Lafeesah Waalee

International Experience Country:
Cohort Year:
Home Institution:

Lincoln University

Heinz Programming Area:
International Experience Summary:

Lafeesah Waalee spent the summer studying at the University of Ghana in Accra, Ghana. She took classes in classic literature and African music and dance. During her spare time Lafeesah had the opportunity to volunteer at the University of Ghana Basic School (U GBS). While studying, she stayed on campus and was able to experience the busy city life in the country’s capitol. Staying on campus in a hostel also allowed her to interact with Ghanaian students as well as students from Nigeria, Canada and Peru. Most of her time was spent at the UGBS where she volunteered three times a week. There she was able to observe and teach a third grade class of forty-eight students. She was amazed at their curiosity and enthusiasm for learning and education. In her free time, Lafeesah interacted with the students in the hostel by going out to the movies or the beach. On the weekends she traveled out of the city. She went to Kumasi as well as Cape Coast. While traveling, she experienced the various lifestyles of Ghanaians and was able to embrace all aspects of the very diverse culture. She learned some of the language and ate the local dishes; she even had traditional clothes made. She experienced a kindness that was unparalleled, and by the end of her journey, the Ghanaians claimed her as an honorary Ghanaian, capping a beautiful experience that she would never forget.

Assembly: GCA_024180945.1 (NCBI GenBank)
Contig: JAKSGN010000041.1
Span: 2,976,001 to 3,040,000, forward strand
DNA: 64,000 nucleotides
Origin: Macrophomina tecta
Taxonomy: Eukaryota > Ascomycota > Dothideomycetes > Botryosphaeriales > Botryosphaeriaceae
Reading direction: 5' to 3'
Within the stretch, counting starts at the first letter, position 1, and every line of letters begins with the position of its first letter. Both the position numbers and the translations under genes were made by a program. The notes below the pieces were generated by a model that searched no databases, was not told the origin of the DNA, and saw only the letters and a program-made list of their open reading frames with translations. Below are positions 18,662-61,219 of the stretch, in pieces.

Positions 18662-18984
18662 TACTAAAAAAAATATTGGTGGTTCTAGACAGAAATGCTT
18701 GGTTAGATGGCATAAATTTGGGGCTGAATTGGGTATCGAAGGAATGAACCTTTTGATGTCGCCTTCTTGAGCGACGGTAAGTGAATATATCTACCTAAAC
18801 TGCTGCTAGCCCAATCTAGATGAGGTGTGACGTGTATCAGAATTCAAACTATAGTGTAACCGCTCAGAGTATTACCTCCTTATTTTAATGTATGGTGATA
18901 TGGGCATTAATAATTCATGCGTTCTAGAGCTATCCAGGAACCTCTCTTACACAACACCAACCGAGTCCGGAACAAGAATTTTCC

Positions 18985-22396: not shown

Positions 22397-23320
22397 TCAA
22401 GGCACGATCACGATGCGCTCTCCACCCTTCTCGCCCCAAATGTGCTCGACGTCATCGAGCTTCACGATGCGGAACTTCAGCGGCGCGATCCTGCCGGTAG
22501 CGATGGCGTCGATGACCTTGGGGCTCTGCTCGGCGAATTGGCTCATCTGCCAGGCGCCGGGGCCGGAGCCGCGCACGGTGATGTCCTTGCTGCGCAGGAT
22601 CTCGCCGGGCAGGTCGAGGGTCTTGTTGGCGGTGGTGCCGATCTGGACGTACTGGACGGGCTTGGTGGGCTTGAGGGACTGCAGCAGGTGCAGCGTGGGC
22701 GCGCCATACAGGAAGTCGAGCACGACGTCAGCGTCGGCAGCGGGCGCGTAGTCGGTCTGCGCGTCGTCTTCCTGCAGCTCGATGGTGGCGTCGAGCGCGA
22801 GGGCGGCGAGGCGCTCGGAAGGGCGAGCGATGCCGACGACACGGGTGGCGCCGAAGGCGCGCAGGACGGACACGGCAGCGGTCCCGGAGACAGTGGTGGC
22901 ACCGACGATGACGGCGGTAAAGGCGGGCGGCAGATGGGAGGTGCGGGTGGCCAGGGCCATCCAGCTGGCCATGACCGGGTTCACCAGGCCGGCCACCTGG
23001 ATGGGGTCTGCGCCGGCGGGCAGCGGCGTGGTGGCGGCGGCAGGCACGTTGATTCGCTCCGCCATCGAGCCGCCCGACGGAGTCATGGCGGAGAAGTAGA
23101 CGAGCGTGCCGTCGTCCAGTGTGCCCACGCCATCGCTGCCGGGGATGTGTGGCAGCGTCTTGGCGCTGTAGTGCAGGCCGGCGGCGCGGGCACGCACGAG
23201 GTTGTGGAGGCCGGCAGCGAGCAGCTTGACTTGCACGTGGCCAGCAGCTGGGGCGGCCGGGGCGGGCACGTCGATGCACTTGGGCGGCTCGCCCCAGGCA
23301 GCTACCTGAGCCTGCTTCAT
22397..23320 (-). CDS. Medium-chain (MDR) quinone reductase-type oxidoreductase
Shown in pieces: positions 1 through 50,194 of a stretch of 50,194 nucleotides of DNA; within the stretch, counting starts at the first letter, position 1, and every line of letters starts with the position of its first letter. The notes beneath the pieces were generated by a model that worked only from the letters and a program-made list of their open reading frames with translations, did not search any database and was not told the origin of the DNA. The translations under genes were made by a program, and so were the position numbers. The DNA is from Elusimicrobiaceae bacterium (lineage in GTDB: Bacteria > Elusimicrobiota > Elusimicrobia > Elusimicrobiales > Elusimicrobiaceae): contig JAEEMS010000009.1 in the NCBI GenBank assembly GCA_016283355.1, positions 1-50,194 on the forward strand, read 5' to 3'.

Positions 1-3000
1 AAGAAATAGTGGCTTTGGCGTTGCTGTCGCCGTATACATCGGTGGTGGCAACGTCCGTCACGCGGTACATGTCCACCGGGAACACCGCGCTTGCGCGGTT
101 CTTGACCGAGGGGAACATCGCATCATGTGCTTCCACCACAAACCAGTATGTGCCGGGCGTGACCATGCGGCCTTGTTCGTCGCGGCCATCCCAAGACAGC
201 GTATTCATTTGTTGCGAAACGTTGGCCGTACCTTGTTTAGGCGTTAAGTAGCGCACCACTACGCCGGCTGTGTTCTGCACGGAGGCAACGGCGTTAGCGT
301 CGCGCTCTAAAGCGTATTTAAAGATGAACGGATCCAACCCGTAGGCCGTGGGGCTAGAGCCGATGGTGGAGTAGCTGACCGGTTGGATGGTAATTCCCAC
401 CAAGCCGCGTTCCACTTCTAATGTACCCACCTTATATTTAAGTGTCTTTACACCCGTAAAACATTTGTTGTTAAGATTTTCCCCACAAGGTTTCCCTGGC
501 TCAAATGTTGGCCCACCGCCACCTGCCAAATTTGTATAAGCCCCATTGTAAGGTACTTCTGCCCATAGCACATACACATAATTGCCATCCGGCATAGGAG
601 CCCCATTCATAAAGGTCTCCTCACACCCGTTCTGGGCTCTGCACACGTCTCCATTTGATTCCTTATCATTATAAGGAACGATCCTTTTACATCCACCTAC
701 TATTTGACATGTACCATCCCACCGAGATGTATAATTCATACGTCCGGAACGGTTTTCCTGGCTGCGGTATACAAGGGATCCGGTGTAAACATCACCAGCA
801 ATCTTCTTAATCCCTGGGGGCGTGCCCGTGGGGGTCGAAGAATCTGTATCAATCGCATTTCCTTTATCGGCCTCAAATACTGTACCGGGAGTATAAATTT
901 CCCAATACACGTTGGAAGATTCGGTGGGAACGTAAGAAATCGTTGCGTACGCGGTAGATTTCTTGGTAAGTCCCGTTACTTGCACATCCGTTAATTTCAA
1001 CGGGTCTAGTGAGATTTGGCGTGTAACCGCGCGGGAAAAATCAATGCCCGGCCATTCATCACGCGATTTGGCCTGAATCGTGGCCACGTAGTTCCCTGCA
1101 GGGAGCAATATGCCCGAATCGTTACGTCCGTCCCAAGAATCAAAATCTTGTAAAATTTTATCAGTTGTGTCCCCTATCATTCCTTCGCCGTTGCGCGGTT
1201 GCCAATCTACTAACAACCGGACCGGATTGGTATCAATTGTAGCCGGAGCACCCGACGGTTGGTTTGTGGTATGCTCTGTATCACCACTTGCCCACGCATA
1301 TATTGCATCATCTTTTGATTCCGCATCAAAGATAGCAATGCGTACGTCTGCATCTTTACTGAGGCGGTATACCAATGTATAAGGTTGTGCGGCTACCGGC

Community Engagement Experience Summary:

CEE Title: Going Beyond Poverty: A Look at Destitution Worldwide

My CEE was called Going Beyond Poverty: A Look at Destitution Worldwide. The program was focused on the effects, contributing factors and causes of destitution. It was an hour and a half presentation and interactive experience that challenged what students know and understand about destitution. Going Beyond Poverty (GBP) was presented in four parts. The first part of the program was an introduction to Destitution. It included me asking the audience what they though some characteristics of destitution were and then later forming a definition that everyone agreed with. After the definition was formed the audience had the chance to interact with different stations that showcased specific issues that destitute people have. These issues included water pollution, hunger, and education access. After the audience spent time at the stations, we recapped what everyone learned. While doing this, I was able to get the audience involved in the presentation and share the knowledge that they retained with the rest of the audience. The next part of the program included a video. The video showed a woman from a Bangladeshi slum as she discussed her living conditions and the problems she faced each day. The video was used as a way to get the audience to sympathize with the issue and put face to some of the statistics they were presented with. The final part of my CEE focused on the audience and what they learned. I started with the question “Why should we care?” Then, I asked the question “What should we do?” Each of these questions was answered with many responses from enthusiastic individuals ready to effect change!